Bejeweled gardenias are not the only JAR floral up for sale next week. There is also a gold tulip bangle I would love to try on. I can’t quite picture how the lower petals attach around the arm to form the cuff. It appears to be another of those engineering feats JAR likes to take on. [Update 11/4/14: After reading this post, Christie’s jewelry department archivist Vanessa Cron sent her own fabulous images that solve that mystery. I’ve posted them below.]
This 1994 creation was in the Met show, a beautiful example of the realistic detail at which Rosenthal excels, right down to the wilt, the little split in the petal, the matte patches in satin-finish of the gold, and a hint of what is known in his studio as “tweed,” playing out in the green garnets sprinkled into the diamond pavé. (You can find a bit more on JAR’s tweed effect in my review of the Met exhibit and a lot more in the Jewels by JAR catalog.)
That tulip gets a $200,000-300,000 estimate, as does this pair of emerald and diamond pavé spiral ear clips. It’s just a photo, of course, but you can tell he used amazing quality gems for this. What you can’t see is that the diamond spirals are actually separate pieces that float above the emerald pavé. Play the video at the bottom of this post to see what I mean.
[UPDATE 11/11/14: The emerald and diamond spirals went for well above estimate at $373,357 but the gold tulip brooch went for more than $3.1 million – more than 10x the high estimate and the second highest price ever paid for a JAR jewel. The normally restrained audience of live bidders were shouting “Ohh!” as a mad bidding war heated up, broke into applause when François Curiel finally banged the gavel, clearly enjoying himself. “We can applaud the artist who is in the room tonight,” Curiel said, “without whom we would not see these extremely high prices.” Alas, the camera for the live auction webcast stayed on the podium instead of panning back to reveal the ever-mysterious Joel Arthur Rosenthal in the flesh.]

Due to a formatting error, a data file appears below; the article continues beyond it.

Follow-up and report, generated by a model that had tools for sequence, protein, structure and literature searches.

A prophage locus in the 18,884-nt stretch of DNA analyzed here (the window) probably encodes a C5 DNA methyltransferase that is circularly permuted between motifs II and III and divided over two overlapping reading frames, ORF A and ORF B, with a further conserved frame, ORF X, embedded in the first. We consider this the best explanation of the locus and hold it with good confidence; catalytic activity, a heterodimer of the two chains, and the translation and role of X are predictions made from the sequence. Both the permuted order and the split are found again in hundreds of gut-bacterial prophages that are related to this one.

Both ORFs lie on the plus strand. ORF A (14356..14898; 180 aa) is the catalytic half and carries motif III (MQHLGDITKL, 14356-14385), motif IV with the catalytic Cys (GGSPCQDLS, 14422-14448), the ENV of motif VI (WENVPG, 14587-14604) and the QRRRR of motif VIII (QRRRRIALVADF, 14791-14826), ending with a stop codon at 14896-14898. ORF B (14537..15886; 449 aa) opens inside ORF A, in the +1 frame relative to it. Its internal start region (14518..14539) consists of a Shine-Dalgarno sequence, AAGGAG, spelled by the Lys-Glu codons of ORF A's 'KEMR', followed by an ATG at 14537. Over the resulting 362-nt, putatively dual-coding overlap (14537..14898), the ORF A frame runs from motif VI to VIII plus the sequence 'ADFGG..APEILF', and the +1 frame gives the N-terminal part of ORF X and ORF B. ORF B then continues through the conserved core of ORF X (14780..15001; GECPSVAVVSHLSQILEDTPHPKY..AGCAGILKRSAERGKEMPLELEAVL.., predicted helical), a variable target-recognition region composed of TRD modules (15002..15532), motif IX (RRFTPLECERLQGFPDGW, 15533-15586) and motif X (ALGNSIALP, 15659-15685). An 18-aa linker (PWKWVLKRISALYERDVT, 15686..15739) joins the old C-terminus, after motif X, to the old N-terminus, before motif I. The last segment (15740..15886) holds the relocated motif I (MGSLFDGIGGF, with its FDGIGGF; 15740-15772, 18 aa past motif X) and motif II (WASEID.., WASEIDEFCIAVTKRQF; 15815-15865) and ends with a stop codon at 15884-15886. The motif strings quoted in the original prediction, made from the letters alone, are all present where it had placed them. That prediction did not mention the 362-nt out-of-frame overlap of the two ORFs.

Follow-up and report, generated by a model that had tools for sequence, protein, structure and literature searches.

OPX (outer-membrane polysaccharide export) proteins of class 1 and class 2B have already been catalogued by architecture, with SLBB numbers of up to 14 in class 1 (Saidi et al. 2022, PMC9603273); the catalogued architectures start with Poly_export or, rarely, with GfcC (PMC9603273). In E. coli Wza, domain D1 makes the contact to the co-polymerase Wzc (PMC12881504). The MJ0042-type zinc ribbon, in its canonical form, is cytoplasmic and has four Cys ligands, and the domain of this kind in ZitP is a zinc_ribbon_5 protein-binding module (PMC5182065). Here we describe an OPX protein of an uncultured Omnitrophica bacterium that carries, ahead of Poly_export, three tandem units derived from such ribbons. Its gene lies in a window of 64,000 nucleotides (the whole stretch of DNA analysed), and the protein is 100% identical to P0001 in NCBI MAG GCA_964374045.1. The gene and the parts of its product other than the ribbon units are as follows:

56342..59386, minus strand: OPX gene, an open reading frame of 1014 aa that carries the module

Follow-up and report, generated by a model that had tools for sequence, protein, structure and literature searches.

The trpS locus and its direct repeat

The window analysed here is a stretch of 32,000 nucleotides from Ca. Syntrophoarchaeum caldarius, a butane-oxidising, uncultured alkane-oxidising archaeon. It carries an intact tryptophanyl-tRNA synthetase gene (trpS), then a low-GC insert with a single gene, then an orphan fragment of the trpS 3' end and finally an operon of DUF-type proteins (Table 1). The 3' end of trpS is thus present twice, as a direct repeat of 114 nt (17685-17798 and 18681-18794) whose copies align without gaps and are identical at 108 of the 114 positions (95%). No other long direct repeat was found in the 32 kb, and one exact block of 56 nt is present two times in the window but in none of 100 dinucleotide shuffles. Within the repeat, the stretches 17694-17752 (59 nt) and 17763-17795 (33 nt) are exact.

This next creation is primarily aluminum, another material we saw a lot of in the Met show. Rosenthal often uses aluminum to amazing effect when he wants a hit of color he can’t pull off in gems or precious metals. This one has Japanese origami flair.
The collector who’s selling off her JAR this time has nice taste, don’t you think? Experimental but particularly fond of the classic JAR diamond pavé on blackened metal. Here is another example of that, a jewel we saw at the Met, best of the “String” earrings. (Was she planning to sell before they tapped her for the exhibit, I wonder? Or just taking advantage of the recent surge of attention her jewels fueled.)